Keratosis pilaris is a relatively harmless skin condition. It leads to rough patches of dry skin, along with small bumps. Typically, it is the result of a buildup of keratin. Keratin, a protein that protects the skin, will plug the hair follicles. It is not clear why keratin will sometimes build up, though it may be connected to other skin conditions, such as atopic dermatitis, or genetic diseases.
Unfortunately, there is no cure for keratosis pilaris, though patients can employ several keratosis pilaris treatments. Typically, this means using the best skincare for keratosis pilaris, including medicated creams. Topical exfoliants are available over-the-counter and with a prescription. Patients may also want to try retinol cream for keratosis pilaris. KP laser treatment is also an option. Natural remedies for keratosis pilaris are out there for those who want them.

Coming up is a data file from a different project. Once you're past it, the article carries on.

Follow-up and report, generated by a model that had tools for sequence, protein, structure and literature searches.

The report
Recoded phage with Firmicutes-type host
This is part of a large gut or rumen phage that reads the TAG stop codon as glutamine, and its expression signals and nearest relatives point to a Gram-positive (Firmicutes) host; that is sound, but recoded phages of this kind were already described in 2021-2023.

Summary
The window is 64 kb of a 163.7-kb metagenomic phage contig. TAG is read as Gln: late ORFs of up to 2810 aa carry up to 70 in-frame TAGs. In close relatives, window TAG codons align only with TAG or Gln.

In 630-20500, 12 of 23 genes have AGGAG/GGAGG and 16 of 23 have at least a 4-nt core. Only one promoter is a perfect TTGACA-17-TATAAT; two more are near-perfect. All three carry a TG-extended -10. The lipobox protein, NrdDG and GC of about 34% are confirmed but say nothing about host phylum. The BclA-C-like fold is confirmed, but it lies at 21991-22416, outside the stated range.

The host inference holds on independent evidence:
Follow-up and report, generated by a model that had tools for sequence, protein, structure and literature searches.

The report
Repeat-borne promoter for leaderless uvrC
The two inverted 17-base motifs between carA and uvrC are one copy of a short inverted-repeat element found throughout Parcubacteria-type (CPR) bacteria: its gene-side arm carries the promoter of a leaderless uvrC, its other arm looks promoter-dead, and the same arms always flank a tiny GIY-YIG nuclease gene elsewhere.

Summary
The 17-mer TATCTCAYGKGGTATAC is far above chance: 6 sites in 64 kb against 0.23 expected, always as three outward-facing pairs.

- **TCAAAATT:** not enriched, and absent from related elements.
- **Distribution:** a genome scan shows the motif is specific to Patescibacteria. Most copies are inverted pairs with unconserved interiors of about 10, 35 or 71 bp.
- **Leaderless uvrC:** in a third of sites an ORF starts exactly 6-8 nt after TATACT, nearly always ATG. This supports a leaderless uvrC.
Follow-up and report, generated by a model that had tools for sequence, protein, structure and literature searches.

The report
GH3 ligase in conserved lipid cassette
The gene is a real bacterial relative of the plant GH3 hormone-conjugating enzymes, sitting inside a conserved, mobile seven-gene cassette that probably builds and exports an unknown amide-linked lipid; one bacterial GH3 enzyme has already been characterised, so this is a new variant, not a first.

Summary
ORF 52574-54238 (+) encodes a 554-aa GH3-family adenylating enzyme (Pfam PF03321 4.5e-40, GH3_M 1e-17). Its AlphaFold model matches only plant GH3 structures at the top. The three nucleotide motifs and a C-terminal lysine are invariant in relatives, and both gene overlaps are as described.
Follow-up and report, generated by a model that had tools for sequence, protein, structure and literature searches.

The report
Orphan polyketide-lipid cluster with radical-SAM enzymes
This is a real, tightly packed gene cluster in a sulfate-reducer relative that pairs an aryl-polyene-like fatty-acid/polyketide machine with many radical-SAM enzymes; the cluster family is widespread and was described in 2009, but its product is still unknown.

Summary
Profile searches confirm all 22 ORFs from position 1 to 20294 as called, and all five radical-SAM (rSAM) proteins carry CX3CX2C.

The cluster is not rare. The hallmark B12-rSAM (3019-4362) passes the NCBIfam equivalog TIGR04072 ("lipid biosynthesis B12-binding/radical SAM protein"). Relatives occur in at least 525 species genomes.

Bumps On The Skin
The bumps on the skin are among the most characteristic symptoms of keratosis pilaris. It is very rare for keratosis pilaris to present with dry skin but no bumps. The most common age group for the bumps to appear is young children, although the condition can continue into adulthood. It is rare for the bumps and dry patches to persist after individuals pass thirty years old. The bumps tend to be tiny, painless, and may appear in clusters or spread out across the skin. The buttocks, cheeks, thighs, and upper arms are the most common places for them to occur.
Keratosis pilaris patients may also develop other bumps that have the texture of sandpaper. These tend to occur in the patches of dry skin. They may be clustered so tightly that they look like goosebumps, which occur when an individual is cold. If the bumps are painful, they might be a rash caused by something else, rather than an indicator of keratosis pilaris. Bumps that are not causing symptoms or colored strangely do not generally need medical treatment. However, individuals can see a dermatologist if they are distressed about their appearance.
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